Earlier this week as a Jet Blue flight was taxiing to a terminal a flight attendant apparently flew (get it?) into a rage, swore at a passenger, repeated his verbal assault over the aircraft’s PA system, grabbed a couple of beers and exited the plane via one of the emergency chutes.
Within 24 hours his escapade (clever pun, heh?) had landed (I can’t help myself) on every news broadcast on the planet and his new, temporary career as a celebrity took off (stop it) into the stratosphere.
The media couldn’t get enough of this guy and he was reportedly showered with support from all over the world.
He was, at different times, labelled a “hero” and a “role model” for standing up for the little people who have had enough.
He was instantly transformed into the metaphor to which every one of us can relate. The superhero who, after suffering years of abuse, was just not going to take it anymore.
And so he didn’t take it.
Instead, he lost it.
Now we have all had days like that. Days where we have felt the compelling urge to choke the living daylights out of some *^^%@#! who surely deserves it.
Days where perhaps we have had enough of hearing that annoying recording telling us to “please stay on the line, your call is important to us” after listening to it for the thirty-third time during our 45 minute timeout on hold.
Or when the sales clerk in the store cannot answer our question because she needs to continue her phone conversation with Chelsea about what a loser Jude is.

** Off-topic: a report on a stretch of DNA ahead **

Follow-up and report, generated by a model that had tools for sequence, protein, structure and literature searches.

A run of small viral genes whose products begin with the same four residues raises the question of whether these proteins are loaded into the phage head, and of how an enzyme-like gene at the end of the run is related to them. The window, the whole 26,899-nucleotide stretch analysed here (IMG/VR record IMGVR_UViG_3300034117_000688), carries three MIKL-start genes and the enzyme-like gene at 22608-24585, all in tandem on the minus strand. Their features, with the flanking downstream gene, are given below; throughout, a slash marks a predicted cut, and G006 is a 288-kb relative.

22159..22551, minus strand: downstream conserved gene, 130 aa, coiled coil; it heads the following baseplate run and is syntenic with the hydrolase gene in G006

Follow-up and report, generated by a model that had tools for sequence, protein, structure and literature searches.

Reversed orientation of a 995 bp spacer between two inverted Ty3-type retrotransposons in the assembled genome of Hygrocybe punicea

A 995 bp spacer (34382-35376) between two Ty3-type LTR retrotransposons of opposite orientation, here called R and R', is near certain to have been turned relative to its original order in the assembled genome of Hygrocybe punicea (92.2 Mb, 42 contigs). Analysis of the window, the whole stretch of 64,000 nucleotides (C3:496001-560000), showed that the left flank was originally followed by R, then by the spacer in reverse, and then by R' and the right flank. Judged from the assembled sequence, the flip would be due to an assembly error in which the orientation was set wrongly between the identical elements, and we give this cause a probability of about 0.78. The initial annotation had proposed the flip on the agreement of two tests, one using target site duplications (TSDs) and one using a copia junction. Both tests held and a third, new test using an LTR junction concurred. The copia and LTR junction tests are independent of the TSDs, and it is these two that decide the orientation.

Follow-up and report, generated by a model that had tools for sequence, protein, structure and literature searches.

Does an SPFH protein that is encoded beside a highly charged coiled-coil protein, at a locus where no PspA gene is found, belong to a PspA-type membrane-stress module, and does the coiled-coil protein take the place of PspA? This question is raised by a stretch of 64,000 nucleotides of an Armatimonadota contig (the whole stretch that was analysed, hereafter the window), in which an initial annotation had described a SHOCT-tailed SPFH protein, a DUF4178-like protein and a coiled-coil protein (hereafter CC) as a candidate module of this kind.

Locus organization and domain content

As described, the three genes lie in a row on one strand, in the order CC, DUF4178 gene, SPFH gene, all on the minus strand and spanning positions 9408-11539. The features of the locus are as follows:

Or when your boss, the one with a PhD in micromanagement, comes into your office for the eighteenth time in an hour to ask how you’re doing on the McKinney file.
Or when the light turns green and you can’t make the left turn because the moron blocking the intersection couldn’t check to ensure that he could clear the intersection before proceeding through it and then he looks at you and gestures to the car in front of him, which did clear the intersection, as if to let you know that it is really not his fault that he was born with the brain power of a doorknob.
Or the client who believes that the fee they paid for your services was actually payment in full for your soul and that they can call any time, day or night, with a list of demands which will immediately be met.
Yes, we’ve all had days (weeks, months, years) like that.
But we don’t choke anybody.
We don’t swear over a public PA system.
We don’t activate emergency equipment.
We don‘t take the phone away from the salesclerk and flush it.
We don’t punch our boss in the mouth.
We don’t ram our car into the moron’s.
We don‘t hire a hit man to pay our client a visit.
We’ve talked about this a lot.
Stuff happens all the time that is outside of our control.
It is what it is.
How it affects us is completely within our control.
And how we respond is determined by the choices we make.
And we fully control the choices we make.
And what he did was make a very poor choice.
He was frustrated. That too is a choice
And it does not justify what he did.
He’s not a hero.
He’s not a role model.
He’s a schmuck.
He doesn’t need fame.
He doesn’t need acclaim.
He needs something far more elementary.
A chill pill.
And a lesson in how to make better choices.
I know of a book he should read.
Perhaps you can order it from the link below and send it to him.
Till we read again.